What Would You Do If You Couldn’t Fail?

jussi Uncategorized Leave a Comment

Do you hate making mistakes and failing in front of everyone?

Are you afraid of falling and getting embarrassed?

Do you worry about letting other people down and disappointing everyone?

What would you do if you knew you couldn’t fail? How much faster could you make progress in your sport?


Most athletes are afraid to make mistakes. If you’re like me and the rest of the bunch you want to show what you are capable of.

Whether that’s in a contest or when you’re training you want to impress people, right?

It’s coded in the human psyche to look up to people who are admired by others and who’ve achieved great things and then do it yourself.

We all want to be respected.

That’s why you nobody likes letting other people down who expect you to do well.

Fear of letting your friends, family, coach, sponsors or yourself down can lead to getting paralyzed and underperforming.

Focusing on what you don’t want to have happen instead of visualizing what you want to have happens primes your body to fail. The opposite is true just as well.


Fear of making mistakes can lead to second guessing, freezing and getting injured.

It can lead to not trying or fully committing. And if you don’t try you’ll never succeed.

If you didn’t let go of the idea that you need to know how to do it you’d never go for the things you really want to achieve.

Of course you don’t know how to do things until you’ve tried them out. You learn by doing and making mistakes.

You try learning new tricks or winning the contest and if you don’t you go back to the drawing board. You use it as an opportunity to get to the next level by analyzing it.


To succeed you must fail. And you are likely to do it a lot.

You fail now to win later. Failure is an integral part of succeeding. You can’t succeed without making mistakes.

Winners are better at failing than most people. They understand that the obstacle that caused them to fail is a problem they discovered which you now have the opportunity to solve and use it as a stepping stone to make progress.

The best athletes have not just failed more than others, they’ve failed smart.

Every failure, every mistake is an opportunity to grow and learn from. But you only learn when you stop for a moment and listen to what lesson the failure has to teach you.

Failure is anything but a negative thing even though your brain and people around you might tell you that.

When you understand that failure is not a bad thing but the necessary thing for you to get to the next level that’s when mistakes become opportunities in disguise that you can seek out and leverage.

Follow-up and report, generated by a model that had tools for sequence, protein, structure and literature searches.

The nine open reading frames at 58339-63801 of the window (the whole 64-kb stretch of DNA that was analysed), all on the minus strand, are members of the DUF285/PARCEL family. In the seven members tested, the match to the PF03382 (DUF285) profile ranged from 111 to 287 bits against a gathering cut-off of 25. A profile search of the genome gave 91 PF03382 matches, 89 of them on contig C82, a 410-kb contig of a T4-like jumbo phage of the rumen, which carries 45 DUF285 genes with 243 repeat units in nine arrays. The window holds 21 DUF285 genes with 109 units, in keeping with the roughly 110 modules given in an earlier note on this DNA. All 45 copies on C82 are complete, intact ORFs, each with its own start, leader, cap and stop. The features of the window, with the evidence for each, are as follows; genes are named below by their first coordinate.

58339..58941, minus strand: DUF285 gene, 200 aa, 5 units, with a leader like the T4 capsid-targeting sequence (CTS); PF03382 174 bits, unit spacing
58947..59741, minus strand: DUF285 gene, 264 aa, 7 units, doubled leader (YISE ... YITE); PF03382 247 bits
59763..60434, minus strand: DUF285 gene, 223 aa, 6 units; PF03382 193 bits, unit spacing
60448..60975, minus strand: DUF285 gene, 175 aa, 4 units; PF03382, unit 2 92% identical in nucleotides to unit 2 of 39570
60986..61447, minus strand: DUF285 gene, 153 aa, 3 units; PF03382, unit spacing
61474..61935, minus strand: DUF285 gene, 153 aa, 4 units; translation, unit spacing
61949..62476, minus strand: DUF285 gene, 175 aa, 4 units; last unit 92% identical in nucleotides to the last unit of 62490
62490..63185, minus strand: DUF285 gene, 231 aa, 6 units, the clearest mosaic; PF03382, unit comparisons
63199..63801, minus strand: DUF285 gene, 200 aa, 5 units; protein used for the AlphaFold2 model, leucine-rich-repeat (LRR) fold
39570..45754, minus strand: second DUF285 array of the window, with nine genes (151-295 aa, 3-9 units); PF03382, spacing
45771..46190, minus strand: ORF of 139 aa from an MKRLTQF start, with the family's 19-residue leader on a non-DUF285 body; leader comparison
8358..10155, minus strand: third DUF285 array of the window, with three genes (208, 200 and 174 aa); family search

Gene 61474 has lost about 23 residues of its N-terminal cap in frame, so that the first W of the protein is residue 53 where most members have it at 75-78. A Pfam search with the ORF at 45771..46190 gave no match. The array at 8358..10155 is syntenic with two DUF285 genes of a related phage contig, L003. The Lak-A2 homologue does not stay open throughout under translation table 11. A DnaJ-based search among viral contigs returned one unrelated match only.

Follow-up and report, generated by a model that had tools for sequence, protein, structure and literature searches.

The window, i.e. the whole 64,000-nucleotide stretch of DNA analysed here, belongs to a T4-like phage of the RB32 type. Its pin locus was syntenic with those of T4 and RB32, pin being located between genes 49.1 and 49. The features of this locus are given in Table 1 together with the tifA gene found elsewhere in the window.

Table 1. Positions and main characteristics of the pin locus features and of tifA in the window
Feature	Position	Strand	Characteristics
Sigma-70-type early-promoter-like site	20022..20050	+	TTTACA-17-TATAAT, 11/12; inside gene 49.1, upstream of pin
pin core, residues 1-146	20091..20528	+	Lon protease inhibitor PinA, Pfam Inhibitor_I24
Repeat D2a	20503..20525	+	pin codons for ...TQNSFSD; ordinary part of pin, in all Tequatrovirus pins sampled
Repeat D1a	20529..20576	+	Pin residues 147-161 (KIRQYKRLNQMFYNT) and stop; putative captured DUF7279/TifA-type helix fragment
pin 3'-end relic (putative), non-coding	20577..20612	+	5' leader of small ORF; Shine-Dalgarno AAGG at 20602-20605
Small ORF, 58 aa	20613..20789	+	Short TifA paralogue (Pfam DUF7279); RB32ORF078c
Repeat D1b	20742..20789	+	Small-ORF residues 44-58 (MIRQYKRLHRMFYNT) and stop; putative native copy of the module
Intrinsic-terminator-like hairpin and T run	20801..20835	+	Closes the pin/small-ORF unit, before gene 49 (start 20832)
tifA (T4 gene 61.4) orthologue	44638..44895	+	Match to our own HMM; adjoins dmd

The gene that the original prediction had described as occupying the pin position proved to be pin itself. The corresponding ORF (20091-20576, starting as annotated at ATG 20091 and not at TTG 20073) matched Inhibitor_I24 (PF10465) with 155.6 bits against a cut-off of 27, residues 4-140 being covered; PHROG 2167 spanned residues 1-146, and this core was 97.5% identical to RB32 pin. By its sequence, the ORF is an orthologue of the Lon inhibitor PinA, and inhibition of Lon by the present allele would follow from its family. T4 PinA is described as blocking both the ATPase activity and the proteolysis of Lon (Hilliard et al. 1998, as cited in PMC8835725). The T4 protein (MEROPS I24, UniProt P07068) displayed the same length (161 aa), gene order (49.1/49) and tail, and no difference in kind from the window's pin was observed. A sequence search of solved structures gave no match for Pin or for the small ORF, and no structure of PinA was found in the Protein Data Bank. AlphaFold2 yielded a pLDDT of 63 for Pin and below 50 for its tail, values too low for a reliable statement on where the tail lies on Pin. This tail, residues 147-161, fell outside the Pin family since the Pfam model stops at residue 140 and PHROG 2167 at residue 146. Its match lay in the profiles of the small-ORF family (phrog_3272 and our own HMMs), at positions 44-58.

This is one of the most powerful questions that leads to making significant progress and I’d like you to write down your answer on your journal. Use this when you feel frustrated, stuck or are struggling:

What do I need to change in myself in order to solve this problem?


The modern world teaches us to avoid pain in any way possible. When we feel pain (physical or mental) we run away from it and medicate ourselves with drugs, alcohol, porn, food, candy, anything that gives instant gratification.

The human brain is programmed to avoid pain and seek for pleasure. But growth does not come from feeling comfortable.

Learning happens at the edge and outside your comfort zone. In order to become the best you can be and learn new tricks, moves and maneuvers you’ll be smart to learn how to get used to discomfort.

When you are frustrated, when you are making mistakes, when you fail and everything is going to shit, it’s time to pause and reflect.

“How can this misfortune help me make progress?”

What can you learn from your mistakes?

Most athletes keep repeating their mistakes because they avoid pain and don’t stop to listen and analyze their mistakes.

“The man who doesn’t correct a mistake makes another.”



Use frustration as your guide.

It shows you the wall that blocks you from making progress.

Use the MG180X Fail Up method as much as possible. When you fail at a contest, when you make mistakes while trying new or old tricks, moves or maneuvers. Or when you feel stuck.

1. What went well? What did I do right here? (What do you need to do more?)

2. What didn’t go well? (What do you need to do less or not at all?)

3. What do I need to do differently?


My most successful clients are athletes who take action. I’d like you to put what you’ve learned into practice and let the results show you the way.

If you have yet to get a notebook that you dedicate to your growth go ahead and do that and write your answers for the two questions below in your journal:

1.  What is the next step in your progress you know you need to take that you have unconscious resistance to?

2. What would you do if you knew you couldn’t fail?

I look forward hearing your progress and your thoughts so feel free to leave a comment below.

Leave a Reply

Your email address will not be published. Required fields are marked *